This post is the first installment of what will be a multi-part series reflecting on my recent radio discussion with Brandan Robertson, spokesperson for Evangelicals for Marriage Equality. The audio of that radio “debate” can be found here.
Words have meaning. In order to have a conversation with another human, there must be some sort of shared language by which ideas can be communicated. This language can include everything from words to sounds to non-verbal expressions. The key, however, is that it has to be a shared language. If it is not, then communication will be misunderstood or not received at all.
In my discussion with Brandan Robertson of Evangelicals for Marriage Equality (EME), our shared language was clearly the spoken English language. In that language we used terms that have easily recognized meaning. However, it became clear early on in the discussion that we were using one particular word in a different way. That word was “marriage.”
As part of the discussion, we were both asked to define marriage. On behalf of EME, Brandan said:
We do not take a single theological view on the sacrament of marriage. . . .
Civil marriage is a marriage solemnized with a civil contract by the government without a religious ceremony. It is a legal status afforded by the government to individuals who contract to live with one another and form a family unit with one another.
Let me offer a few observations about Brandan’s definition. First he used the word to define the word. He said that “civil marriage is a marriage. . . .” This is a subtle, but circular way to avoid defining a term. It exacerbates the mystery of the word because it never defines the word. If civil marriage is a marriage, then what is marriage?
Second, he inserts another similar term into the definition without offering an explanation of what he means. He says that marriage is “a legal status afforded by the government to individuals who . . . form a family unit with one another.” What is a family unit? Historically, a family unit is formed by marriage and expanded through procreation and the rearing of the next generation. In this instance, though, Brandan has excluded procreation from his definition of marriage because same-sex couples are biologically inhibited from procreation. The act of procreation requires a man and a woman. Thus, it is probably a safe assumption to say that Brandan does not believe procreation and the rearing of the next generation to be a public good of marriage. I could be wrong on this point, but it would require Brandan to offer a definition of the family unit to prove so.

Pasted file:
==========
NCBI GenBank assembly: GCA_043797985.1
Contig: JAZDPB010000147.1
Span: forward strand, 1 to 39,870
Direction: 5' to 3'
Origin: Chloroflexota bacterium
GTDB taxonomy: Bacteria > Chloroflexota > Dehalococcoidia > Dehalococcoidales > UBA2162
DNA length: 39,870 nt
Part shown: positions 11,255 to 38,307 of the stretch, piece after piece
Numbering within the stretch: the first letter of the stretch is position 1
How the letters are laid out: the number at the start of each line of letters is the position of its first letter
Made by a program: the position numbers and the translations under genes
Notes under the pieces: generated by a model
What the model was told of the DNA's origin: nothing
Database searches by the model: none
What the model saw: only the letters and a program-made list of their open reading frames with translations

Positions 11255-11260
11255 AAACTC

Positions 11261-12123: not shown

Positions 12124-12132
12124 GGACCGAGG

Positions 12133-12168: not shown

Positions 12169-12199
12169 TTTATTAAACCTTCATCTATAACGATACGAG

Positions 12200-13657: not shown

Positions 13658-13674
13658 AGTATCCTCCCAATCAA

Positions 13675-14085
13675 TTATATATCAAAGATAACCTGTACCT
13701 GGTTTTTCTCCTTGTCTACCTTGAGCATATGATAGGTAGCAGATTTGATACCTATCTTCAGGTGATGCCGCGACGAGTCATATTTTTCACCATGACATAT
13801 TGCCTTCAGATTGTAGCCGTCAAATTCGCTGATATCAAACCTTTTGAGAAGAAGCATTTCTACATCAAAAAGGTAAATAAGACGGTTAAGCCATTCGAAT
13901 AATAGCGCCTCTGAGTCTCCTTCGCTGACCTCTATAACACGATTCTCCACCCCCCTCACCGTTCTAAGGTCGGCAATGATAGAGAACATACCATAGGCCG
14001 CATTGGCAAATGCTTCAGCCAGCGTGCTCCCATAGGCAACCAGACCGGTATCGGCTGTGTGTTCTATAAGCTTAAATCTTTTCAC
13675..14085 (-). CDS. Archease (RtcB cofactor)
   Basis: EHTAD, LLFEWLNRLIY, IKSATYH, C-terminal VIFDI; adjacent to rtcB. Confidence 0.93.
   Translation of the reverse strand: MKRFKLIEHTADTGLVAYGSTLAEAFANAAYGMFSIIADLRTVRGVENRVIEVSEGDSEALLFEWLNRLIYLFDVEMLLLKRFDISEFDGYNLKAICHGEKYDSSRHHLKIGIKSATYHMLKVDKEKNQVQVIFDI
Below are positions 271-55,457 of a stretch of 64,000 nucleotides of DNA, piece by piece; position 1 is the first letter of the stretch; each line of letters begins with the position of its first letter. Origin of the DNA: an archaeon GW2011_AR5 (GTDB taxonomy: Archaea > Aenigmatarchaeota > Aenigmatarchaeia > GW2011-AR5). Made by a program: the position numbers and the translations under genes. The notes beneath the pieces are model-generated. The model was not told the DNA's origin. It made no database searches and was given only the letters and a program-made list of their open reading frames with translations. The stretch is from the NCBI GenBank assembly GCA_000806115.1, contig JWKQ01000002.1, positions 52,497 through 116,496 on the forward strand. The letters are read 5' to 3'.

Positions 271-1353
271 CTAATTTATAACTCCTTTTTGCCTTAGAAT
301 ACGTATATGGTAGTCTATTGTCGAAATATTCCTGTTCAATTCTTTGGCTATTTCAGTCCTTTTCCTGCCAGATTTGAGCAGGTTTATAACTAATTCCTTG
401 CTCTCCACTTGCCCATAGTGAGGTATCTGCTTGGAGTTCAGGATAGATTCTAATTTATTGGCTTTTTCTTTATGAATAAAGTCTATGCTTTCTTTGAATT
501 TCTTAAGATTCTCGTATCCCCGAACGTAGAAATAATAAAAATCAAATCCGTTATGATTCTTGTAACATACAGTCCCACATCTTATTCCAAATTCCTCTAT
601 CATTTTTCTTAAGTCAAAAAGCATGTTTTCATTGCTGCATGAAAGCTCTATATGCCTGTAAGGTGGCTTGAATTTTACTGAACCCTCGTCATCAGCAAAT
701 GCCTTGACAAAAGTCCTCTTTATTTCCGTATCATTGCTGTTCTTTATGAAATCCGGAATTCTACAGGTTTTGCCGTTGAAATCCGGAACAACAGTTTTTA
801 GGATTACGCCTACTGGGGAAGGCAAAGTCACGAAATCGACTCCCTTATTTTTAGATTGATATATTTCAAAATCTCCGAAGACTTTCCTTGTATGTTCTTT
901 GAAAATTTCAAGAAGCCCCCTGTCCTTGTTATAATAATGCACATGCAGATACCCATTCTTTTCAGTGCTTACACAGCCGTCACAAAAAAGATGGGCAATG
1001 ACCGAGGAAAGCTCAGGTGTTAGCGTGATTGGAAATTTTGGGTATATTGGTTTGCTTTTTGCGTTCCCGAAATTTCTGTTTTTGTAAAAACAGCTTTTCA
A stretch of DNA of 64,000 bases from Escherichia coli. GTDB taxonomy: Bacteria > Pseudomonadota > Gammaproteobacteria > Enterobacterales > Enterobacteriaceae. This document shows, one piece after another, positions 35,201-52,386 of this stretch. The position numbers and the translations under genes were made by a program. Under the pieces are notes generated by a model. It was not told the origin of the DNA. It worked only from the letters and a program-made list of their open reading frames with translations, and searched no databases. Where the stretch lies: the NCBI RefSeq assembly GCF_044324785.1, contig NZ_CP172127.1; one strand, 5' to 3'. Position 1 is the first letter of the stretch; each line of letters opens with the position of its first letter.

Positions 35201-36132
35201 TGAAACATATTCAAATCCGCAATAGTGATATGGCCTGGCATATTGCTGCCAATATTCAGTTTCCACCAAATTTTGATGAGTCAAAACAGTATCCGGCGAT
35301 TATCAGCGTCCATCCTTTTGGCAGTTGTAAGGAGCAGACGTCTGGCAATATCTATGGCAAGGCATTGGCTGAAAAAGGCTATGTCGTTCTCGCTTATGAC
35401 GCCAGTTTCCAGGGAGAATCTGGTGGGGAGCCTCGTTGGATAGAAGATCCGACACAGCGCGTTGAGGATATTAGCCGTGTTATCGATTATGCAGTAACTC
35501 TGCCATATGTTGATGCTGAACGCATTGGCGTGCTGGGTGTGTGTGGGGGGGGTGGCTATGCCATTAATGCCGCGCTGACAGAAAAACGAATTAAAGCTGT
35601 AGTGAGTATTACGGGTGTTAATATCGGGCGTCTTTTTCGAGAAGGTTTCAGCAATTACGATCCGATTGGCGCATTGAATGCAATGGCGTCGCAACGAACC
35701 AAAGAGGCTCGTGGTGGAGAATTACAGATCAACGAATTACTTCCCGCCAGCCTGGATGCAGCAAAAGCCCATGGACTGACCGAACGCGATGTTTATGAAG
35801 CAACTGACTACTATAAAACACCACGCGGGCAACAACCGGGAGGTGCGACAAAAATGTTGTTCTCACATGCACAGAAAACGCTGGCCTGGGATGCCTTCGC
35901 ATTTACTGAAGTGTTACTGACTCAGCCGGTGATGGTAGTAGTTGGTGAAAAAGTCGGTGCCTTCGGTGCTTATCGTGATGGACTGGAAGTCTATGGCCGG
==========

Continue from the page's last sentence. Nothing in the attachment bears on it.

Third, Brandan’s definition of marriage diminishes it to a legal status afforded by the government. Limiting marriage to a legal status actually diminishes the importance of marriage. If marriage is just a contract affording a legal status, why does the government make it so hard to get a divorce? If marriage is just a legal contract, then is it more significant than my cell phone contract? I have agreed to enter into a relationship with AT&T for cell phone service, but breaking that contract is relatively easy by comparison. Even if EME only want to talk about civil marriage, there should be recognition that marriage is much more than simply a contract that grants a legal status.
Fourth, even though Brandan and EME claim no single theological position on marriage, they are still making theological commitments. In their very name and the words of their statement of beliefs, they declare that Bible-believing Christians should support marriage for same-sex couples. This requires at least two theological commitments. First, it requires that one not view homosexual behavior as a sin. If it were a sin, like any other sin we read about in Scripture, Christians should not encourage and support others in the practice of that sin. Second, it requires a hermeneutical commitment to prioritizing experience over Scripture. EME constantly returns to the refrain of justice or fairness. However, such calls are based upon personal experience, not the Word of God. In a future post, I will work out a biblical understanding of justice that demonstrates that these current calls for justice come from a weak theological perspective of God’s attribute of justice.
In contrast to Brandan’s definition of marriage, when asked to give my own definition, I said:
Marriage is a comprehensive union of a man and a woman in an exclusive, monogamous, covenant relationship designed to endure for a lifetime and directed toward the rearing of the next generation.
As I mentioned on the radio, there is no fear on my part admitting that my definition of marriage flows from a theological context. I believe we can see all these elements of marriage in Genesis 2. I also believe my definition is consistent with Jesus’ teaching about marriage in Matthew 19 and Mark 10 and Paul’s teaching on marriage in 1 Corinthians 7 and Ephesians 5.
In addition, I also believe that my definition of marriage is consistent with the government’s civil understanding of marriage. Marriage laws in civil society have historically limited marriage to a relationship between one man and one woman. The relationship is considered to be on-going until death unless the individuals take legal action to end it. Marriage laws limit the age and consanguinity relationships of those who can get married in large part due to legal consent and procreation. All of these limitations are consistent with my definition of marriage. I believe my definition actually offers a more robust understanding of marriage even from a civil perspective.
Even civil marriage is much more than Brandan offered in his definition. But as an evangelical, I also declare from the rooftops that marriage is not simply a civil ordinance—it is a creation ordinance instituted by God. Since God is the one who created it, he is the one who has the right to set the parameters. I, for one, am not ashamed to admit that.